It is a dark time for renters. Although U.S. housing markets have recovered from the Great Recession, rising rents are driving financial insecurity among low- and moderate-income families throughout the country. In California, a group of YIMBY activists led by state senator Scott Weiner is trying to establish apartment-friendly zones around transit stations, wrestling away control from the dreaded NIMBYs. In the trenches of the remote ice planet known as Minneapolis, Mayor Jacob Frey has made a daring raid on single-family neighborhoods, proposing that fourplexes be allowed by right. Meanwhile, in the nation’s capital, three Democratic Senators are vying to lead the Renter Alliance by offering even more ambitious federal assistance plans for cost-burdened renters.
The tensions between suburban homeowners, traditional affordable housing advocates, and the emerging YIMBY movement may not have reached epic proportions yet. But in this election year, policymakers are awakening to the force of renters’ concerns. This article describes the pros and cons of various approaches policymakers have proposed to assist renters, as the 2018 midterm elections approach.
Aim for the Death Star: Reform exclusionary zoning
Most renters, especially low- and moderate-income families, live in apartments. Yet local governments make it more difficult to build apartments than single-family homes. This is the heart of exclusionary zoning: limit new development to single-family homes with large yards, and poor people cannot afford to move into your community.
Several state and local governments are taking aim at apartment bans in order to expand renters’ access to high opportunity neighborhoods. The most ambitious attempt was California’s SB 827, sponsored by state senator Scott Wiener. The bill would have allowed apartment buildings up to four stories near transit stations across California. The bill faced opposition from traditional affordable housing advocates, who worried that most new development would occur in low-income and/or minority neighborhoods, leading to displacement of existing residents. The bill died in committee earlier this year, but observers expect similar bills to reappear.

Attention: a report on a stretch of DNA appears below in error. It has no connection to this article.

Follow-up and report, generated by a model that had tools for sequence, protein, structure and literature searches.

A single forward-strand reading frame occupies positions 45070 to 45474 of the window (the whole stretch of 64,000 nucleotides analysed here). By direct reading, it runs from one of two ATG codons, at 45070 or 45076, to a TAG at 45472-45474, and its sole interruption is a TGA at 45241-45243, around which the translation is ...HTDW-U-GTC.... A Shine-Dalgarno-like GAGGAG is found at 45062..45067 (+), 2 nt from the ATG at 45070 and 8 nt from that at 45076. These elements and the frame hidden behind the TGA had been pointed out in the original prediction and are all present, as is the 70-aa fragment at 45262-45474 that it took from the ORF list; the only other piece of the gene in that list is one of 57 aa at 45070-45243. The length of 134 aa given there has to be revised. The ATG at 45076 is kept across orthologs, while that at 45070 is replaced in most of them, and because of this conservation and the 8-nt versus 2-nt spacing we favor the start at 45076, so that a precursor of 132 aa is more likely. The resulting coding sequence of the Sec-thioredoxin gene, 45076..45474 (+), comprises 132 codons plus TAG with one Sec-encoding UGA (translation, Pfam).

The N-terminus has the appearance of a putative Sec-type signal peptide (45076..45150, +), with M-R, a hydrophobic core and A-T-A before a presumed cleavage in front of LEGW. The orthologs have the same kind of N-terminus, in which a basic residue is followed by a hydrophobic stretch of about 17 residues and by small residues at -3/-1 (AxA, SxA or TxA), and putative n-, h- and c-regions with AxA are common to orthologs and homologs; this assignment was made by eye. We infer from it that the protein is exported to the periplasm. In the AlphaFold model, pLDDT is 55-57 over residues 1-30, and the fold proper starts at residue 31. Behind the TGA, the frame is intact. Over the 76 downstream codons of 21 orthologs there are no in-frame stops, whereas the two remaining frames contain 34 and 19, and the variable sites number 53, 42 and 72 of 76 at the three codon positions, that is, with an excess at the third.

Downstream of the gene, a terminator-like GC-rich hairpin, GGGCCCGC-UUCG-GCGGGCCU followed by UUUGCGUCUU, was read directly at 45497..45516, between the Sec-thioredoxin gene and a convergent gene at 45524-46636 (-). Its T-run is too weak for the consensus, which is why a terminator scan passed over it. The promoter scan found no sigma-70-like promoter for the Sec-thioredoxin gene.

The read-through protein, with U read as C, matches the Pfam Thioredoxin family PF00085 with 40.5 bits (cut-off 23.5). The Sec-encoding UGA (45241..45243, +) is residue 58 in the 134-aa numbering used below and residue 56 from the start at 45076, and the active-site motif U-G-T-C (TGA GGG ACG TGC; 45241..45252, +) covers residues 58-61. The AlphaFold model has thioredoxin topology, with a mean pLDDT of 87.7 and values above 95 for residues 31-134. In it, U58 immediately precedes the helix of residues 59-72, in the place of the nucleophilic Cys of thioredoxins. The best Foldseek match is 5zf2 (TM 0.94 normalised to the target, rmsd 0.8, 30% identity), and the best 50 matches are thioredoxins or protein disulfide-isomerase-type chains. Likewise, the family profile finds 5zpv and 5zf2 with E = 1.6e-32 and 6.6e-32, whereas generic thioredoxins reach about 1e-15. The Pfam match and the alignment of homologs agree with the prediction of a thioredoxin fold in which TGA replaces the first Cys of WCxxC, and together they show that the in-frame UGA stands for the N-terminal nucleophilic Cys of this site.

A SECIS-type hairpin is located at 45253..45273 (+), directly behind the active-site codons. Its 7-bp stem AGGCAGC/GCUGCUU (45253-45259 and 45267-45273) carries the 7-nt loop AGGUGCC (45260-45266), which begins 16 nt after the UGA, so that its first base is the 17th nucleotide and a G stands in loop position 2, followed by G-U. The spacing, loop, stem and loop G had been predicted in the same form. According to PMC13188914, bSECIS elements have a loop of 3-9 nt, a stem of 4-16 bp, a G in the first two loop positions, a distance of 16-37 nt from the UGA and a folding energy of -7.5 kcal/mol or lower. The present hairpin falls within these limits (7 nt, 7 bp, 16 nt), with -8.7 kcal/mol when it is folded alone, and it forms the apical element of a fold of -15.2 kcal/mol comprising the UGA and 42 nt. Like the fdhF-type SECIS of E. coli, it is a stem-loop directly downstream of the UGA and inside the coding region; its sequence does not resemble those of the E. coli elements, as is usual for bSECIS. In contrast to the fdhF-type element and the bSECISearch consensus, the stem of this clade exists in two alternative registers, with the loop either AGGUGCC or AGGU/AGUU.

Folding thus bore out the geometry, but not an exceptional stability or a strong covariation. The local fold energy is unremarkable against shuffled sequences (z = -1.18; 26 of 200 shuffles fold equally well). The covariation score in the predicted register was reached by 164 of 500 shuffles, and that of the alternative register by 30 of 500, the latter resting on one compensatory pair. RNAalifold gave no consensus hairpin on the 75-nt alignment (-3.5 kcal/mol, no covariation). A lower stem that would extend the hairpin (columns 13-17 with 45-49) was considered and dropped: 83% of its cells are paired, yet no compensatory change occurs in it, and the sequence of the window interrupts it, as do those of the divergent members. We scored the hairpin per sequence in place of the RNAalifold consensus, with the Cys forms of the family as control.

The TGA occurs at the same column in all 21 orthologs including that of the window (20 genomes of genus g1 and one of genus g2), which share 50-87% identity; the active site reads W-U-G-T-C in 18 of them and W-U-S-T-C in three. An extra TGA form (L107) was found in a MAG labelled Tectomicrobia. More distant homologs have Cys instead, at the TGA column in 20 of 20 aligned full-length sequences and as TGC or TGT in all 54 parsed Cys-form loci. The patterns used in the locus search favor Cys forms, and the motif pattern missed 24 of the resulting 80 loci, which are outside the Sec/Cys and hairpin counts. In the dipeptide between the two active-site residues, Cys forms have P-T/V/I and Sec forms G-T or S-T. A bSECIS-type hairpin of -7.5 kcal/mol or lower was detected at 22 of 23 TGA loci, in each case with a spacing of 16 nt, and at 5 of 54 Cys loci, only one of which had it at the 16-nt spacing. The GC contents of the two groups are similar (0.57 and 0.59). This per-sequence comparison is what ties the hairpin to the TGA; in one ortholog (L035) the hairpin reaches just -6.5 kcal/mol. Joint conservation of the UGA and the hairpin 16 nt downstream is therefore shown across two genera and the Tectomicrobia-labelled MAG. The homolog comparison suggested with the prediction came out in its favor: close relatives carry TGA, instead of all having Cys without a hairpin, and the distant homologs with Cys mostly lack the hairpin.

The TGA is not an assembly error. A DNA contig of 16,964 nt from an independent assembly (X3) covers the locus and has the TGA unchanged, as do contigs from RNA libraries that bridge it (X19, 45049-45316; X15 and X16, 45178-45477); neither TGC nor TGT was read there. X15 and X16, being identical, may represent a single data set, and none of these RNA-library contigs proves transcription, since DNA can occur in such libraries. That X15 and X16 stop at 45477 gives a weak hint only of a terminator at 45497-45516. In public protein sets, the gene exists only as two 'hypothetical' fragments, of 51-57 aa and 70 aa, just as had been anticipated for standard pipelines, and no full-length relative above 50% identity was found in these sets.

Minneapolis Mayor Jacob Frey is seeking modest increases in density across a wide swath of neighborhoods. He has proposed allowing small apartment buildings—duplexes and three-to-four family buildings—in all single-family neighborhoods. Crucially, he argues these buildings should be allowed by right, meaning that city planners can grant approval to developers without seeking input from neighboring homeowners. Cities such as Portland, Ore., are considering greater flexibility for allowing accessory dwelling units (ADUs). ADUs are typically small apartments in the basement or above the garage of a single-family home. Allowing duplexes or ADUs would only slightly increase the density of single-family neighborhoods, while creating some additional—and more affordable—housing.